Monday, December 15, 2014

From Masks to Motivation

During my second year of teaching, I was blessed with an 8th grade student who taught me a valuable lesson about motivation.  The student, whom I’ll call Roger, began the year doing little, or more often, none of the work I assigned.  Each day he came to class, and each day he left—with his pencil as sharp as ever.

One day, shortly after I had handed out a unit test, Roger cut holes in the test for his eyes, nose, and mouth, and then ran around the room using the test as a mask!  We proceeded like this for three quarters of the year, with me hounding Roger to do some work, and Roger avoiding the work at all costs.  I hate to admit it, but I had a bit of a fixed mindset about motivation—some kids were motivated to do school work, and others weren’t.  Roger just wasn’t motivated, and I didn’t think he ever would be.

But shortly after the start of the 4th quarter, a magical thing happened.  We were learning about the Pythagorean Theorem, and Roger did a few problems in class. I asked him if he would like to work on the homework assignment in my room after school, and he did.  He began coming to my classroom during my prep time to work on math assignments, and when it came time to take the test on the Pythagorean Theorem, Roger put his pencil to his paper and began to take a math test for the first time that year.  During the test, he came to my desk after every problem to see if he had done it correctly.  Finally, another student suggested that he pull his desk close to mine, so he wouldn’t have to keep going back and forth.  He did just that, and while he needed lots of reassurance that he was doing just fine, he completed the test on his own.  He had learned the Pythagorean Theorem, and I learned that anyone can become motivated to do anything at any time.

Why did Roger become motivated to learn so late in the year?  I’ve often wondered about that, so when I heard about a book study at Simle using Drive: The Surprising Truth about What Motivates Us by Daniel Pink, I jumped at the chance to join in.  Daniel Pink describes three elements of motivation.  He summarizes decades of scientific research as he explains that the elements of autonomy, mastery, and purpose lead to far greater motivation and performance than extrinsic motivators do.  Of course, many students are motivated to learn because of extrinsic factors, but many teachers in BPS are capitalizing on the elements of autonomy, mastery, and purpose to maximize intrinsic motivation.

Autonomy relates to having control over things like what we do, how and when we do it, and who we do it with.  Teachers are increasing student autonomy in big and small ways.  They may allow students to choose a topic to learn about or simply allow them to choose a partner.  Last year, one teacher showed me a Google spreadsheet that had all of the “I can” statements for the course listed.  Students then attached a piece of evidence—maybe a photo, video, or written paper—to the appropriate spot on the spreadsheet to demonstrate mastery of a learning target.  It was a way to allow for an incredible amount of student autonomy.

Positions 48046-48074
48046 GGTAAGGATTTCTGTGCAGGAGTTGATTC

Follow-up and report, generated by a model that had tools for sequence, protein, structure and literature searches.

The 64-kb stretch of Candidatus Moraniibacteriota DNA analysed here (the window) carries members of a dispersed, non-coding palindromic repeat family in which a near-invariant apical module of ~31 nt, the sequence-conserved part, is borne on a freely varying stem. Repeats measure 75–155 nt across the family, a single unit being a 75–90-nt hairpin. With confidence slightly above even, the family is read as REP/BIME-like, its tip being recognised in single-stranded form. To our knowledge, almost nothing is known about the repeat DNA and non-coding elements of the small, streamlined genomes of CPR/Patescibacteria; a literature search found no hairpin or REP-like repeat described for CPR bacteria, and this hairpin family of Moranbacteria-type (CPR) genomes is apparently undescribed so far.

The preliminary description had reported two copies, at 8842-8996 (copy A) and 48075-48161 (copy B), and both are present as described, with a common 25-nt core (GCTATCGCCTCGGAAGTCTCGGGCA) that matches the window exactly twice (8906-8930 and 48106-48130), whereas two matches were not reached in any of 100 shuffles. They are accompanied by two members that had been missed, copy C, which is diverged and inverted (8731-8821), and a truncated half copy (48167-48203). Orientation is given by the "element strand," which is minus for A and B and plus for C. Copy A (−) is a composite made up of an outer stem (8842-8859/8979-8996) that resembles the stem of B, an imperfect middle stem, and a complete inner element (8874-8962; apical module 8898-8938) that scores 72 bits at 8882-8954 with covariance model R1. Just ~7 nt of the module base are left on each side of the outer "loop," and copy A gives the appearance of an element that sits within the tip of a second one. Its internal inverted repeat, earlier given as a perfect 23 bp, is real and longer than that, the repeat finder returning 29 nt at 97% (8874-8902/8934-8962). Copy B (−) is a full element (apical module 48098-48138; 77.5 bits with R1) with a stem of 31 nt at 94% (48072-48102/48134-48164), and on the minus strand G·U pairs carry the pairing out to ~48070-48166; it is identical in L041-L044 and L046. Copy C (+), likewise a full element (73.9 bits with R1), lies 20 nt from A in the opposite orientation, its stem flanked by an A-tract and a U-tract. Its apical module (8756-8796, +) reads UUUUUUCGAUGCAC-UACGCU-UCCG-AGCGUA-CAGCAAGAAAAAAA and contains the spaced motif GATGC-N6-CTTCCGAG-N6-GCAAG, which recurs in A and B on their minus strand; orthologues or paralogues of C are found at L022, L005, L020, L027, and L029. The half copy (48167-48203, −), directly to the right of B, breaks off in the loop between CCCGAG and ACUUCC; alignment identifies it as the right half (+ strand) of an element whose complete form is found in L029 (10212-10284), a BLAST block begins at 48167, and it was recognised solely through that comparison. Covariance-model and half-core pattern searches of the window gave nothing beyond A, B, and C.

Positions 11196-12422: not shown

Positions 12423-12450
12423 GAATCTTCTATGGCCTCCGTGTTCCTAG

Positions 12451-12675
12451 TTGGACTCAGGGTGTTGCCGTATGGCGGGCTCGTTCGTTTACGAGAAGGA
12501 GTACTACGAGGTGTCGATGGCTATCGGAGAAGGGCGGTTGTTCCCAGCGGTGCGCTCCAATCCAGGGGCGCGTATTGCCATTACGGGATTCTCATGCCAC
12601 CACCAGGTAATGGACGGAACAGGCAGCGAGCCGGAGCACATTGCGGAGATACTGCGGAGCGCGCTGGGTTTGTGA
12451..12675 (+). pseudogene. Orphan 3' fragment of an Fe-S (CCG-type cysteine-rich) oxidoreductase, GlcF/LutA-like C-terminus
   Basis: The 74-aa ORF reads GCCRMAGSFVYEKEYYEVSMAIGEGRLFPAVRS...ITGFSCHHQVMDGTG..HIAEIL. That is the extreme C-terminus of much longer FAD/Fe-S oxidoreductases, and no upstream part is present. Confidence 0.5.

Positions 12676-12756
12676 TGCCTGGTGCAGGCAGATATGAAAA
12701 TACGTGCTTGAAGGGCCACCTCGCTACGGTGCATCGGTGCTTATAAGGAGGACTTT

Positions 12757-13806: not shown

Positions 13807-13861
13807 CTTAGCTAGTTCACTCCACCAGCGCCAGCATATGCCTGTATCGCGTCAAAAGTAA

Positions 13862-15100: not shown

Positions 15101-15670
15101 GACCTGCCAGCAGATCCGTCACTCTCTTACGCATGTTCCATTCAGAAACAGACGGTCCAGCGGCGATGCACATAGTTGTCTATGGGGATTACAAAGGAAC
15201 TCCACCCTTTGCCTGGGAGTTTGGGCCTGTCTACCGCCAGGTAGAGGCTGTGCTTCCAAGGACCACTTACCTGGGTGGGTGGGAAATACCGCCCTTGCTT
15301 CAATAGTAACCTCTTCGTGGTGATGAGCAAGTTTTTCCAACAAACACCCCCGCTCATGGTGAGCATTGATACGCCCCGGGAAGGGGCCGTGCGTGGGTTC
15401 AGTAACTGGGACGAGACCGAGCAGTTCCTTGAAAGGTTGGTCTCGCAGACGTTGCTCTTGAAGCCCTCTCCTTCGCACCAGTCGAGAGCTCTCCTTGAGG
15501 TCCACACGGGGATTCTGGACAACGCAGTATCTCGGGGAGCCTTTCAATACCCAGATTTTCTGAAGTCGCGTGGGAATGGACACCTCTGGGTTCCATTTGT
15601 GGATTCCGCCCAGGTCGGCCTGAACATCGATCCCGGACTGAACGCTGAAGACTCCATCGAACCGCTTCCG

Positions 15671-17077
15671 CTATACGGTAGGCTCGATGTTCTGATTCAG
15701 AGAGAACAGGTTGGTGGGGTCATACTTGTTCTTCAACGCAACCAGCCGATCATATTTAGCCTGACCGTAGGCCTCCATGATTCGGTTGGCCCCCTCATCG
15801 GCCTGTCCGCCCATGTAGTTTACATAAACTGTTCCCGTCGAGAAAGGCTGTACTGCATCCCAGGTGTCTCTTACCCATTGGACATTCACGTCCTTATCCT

Mastery involves the ability to continue to get better at something that matters.  Lately, I’ve seen several middle school teachers use a tool to help students self-monitor their progress toward a standard.  Students know they can continue to learn more and reassess to demonstrate mastery throughout the year.  The learning isn’t done just because the test is over, and that gives students a better chance at mastery.

The element of purpose is connected to our drive to do things that matter.  When I taught math, I often had a hard time connecting the work we did in class to something that really mattered to students.  Students didn’t buy my explanations of how it would be useful in the real world someday, they wanted it to matter right now, in their current real world.  As teachers throughout the district learn more about project-based learning, students are becoming engaged in work that has a clear purpose. Students are helping people, solving problems, and making cool things, and are intrinsically motivated to learn all the while.

How are you keeping students (and yourself) motivated to learn as we move into the second half of the year? What lessons have you learned about motivation? Please use the comment field; it would be great to hear what’s working for you!

Do you want to hear more from Dan Pink?  Check out this short video.

Pink, D. (2009). Drive: The surprising truth about what motivates us. New York, NY: Riverhead Books.

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